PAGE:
NASA had planned the final launch of its space shuttle program for today, and by the time readers see these words, we’ll know whether the launch proceeded as scheduled.

The tendency of shuttle launches to be delayed because of bad weather or technical problems reminds us that while the shuttle initially promised to make space travel routine, space exploration is still an uncertain business.

Mention “space shuttle,” and many of us automatically think of the explosion of the space shuttle Challenger on Jan. 28, 1986, a disaster that claimed the lives of the entire crew, including schoolteacher Christa McAuliffe.

Tragedy repeated itself on Feb. 1, 2003, when the space shuttle Columbia broke apart upon re-entry, killing everyone aboard.

Although those accidents offered a grim lesson in the continuing dangers of space exploration, the shuttle program, which had its first launch in 1981, became an icon of American optimism, a testament to American supremacy in space.

Louisiana residents had a special connection with the shuttle program because its fuel tanks were made at NASA’s Michoud Assembly Facility in New Orleans. Sean O’Keefe, who had strong Louisiana ties and served as NASA administrator before a stint as chancellor of LSU’s Baton Rouge campus, gave the state another connection with the shuttle program.

Critics suggested the political compromises necessary to fund the space shuttle program created a vehicle that was a “shuttle to nowhere,” its relatively low orbit diminishing the reach of its science.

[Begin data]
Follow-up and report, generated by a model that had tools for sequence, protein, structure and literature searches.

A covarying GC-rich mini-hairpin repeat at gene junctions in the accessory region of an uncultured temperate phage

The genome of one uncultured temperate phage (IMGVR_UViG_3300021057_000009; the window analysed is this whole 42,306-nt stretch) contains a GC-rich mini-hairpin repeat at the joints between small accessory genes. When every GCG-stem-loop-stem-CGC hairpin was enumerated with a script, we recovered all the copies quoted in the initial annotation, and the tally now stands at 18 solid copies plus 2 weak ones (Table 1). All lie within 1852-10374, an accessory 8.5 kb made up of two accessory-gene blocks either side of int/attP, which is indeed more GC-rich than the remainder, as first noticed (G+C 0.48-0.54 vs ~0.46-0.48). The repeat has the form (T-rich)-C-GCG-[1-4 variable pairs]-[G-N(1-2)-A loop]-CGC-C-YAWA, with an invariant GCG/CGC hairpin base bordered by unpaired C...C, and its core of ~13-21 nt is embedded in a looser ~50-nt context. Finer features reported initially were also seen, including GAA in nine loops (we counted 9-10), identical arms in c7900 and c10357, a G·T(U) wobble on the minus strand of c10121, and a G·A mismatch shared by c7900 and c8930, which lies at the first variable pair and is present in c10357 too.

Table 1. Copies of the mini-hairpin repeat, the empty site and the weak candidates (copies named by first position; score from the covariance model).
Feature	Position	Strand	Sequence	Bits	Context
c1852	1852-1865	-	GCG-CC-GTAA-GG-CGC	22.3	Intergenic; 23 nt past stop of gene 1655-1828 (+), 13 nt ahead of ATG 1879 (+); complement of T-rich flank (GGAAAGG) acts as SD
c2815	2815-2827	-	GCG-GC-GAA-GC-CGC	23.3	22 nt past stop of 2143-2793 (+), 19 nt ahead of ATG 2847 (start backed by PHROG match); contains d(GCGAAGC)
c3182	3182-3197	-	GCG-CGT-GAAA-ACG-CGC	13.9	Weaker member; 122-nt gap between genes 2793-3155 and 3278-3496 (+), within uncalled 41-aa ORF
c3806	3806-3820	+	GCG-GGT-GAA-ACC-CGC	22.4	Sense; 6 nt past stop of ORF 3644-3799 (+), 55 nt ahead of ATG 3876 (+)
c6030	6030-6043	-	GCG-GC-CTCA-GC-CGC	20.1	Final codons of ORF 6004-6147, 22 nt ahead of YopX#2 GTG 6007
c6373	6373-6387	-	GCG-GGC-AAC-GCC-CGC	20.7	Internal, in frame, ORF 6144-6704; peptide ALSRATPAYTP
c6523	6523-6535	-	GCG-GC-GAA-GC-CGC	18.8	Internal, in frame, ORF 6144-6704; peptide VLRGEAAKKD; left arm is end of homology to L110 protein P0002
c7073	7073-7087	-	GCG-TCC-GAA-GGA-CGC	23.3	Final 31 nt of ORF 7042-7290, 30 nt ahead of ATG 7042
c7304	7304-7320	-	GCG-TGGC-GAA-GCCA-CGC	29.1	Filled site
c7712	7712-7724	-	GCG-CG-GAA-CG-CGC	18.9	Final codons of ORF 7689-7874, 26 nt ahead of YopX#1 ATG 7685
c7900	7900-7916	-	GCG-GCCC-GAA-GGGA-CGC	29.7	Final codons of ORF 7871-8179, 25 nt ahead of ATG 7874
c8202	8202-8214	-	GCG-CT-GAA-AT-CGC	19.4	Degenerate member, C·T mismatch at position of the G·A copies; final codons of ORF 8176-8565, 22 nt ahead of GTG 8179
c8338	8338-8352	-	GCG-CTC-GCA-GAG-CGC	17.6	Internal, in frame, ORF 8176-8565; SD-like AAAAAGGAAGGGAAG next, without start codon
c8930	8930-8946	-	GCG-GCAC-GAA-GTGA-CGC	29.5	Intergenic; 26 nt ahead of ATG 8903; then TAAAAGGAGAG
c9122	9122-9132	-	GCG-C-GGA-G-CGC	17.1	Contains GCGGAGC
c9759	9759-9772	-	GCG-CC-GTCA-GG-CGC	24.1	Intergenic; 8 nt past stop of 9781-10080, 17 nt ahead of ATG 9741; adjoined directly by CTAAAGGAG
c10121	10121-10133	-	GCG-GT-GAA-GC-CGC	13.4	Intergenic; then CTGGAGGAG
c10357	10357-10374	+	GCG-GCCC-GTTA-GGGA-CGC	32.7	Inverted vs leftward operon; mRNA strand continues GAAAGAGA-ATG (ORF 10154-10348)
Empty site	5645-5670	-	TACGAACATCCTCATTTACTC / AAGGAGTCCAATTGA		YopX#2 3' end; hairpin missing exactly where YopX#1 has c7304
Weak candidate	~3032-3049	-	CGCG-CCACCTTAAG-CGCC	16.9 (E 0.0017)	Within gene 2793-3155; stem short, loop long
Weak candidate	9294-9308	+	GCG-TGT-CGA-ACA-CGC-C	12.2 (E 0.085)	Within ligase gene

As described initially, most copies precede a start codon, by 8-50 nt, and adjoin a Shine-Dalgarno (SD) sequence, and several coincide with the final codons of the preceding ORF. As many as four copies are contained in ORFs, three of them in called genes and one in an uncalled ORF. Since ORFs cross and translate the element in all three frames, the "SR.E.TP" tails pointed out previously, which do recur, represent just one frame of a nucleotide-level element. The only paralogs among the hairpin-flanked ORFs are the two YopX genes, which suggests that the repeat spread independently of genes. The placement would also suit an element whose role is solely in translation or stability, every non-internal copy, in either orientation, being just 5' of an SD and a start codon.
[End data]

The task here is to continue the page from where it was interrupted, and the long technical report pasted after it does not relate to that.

But the shuttle carried many satellites into space, as well as the Hubble telescope, an instrument that dramatically expanded knowledge of the heavens.

Shuttles also enabled the construction of the International Space Station, a promising outpost for research.

Plans call for NASA’s shuttles to be replaced by another kind of space vehicle, but in the meantime, American astronauts will be forced to hitch rides to the space station on Russian spacecraft. That’s an embarrassing development for the United States — and an indication of the poor planning and inconsistent funding that have compromised America’s position as a leader in space exploration.

Part of the problem is that NASA relies on support from presidents and members of Congress who are asked to fund space missions that, in many cases, won’t be completed while these politicians are still in office. The political culture of Washington doesn’t lend itself to the kind of long-term thinking that space exploration requires.

There is much talk about an increased role for the private sector in space exploration, and we are not opposed to that possibility. But we also know that most of history’s great feats of human exploration, including the European exploration of North America, unfolded through a collaboration between government and private interests. We suspect that the future of space exploration will continue to rely upon such partnerships.

The precedent of European exploration also reminds us that when nations relinquish their roles in leading exploration, they cease to be major powers. Spain and France once affirmed their stature as great world powers by sending explorers into the vastness of the American wilderness. In turning away from such ambitions, they largely ceded the international stage to others.

The lessons for America seem clear as this nation closes one chapter of space exploration and ponders its future role in exploring the heavens.

“I no longer expect to see boot prints on Mars during my lifetime,” science writer Dennis Overbye recently wrote in The New York Times, “nor do I expect that whoever eventually makes those boot prints will be drawing a paycheck from NASA, or even speaking English.”

Such pessimism regarding America’s future leadership in space is understandable, but we hope the president and members of Congress, as well as their successors, find the will to expand, rather than diminish, the U.S. presence in space.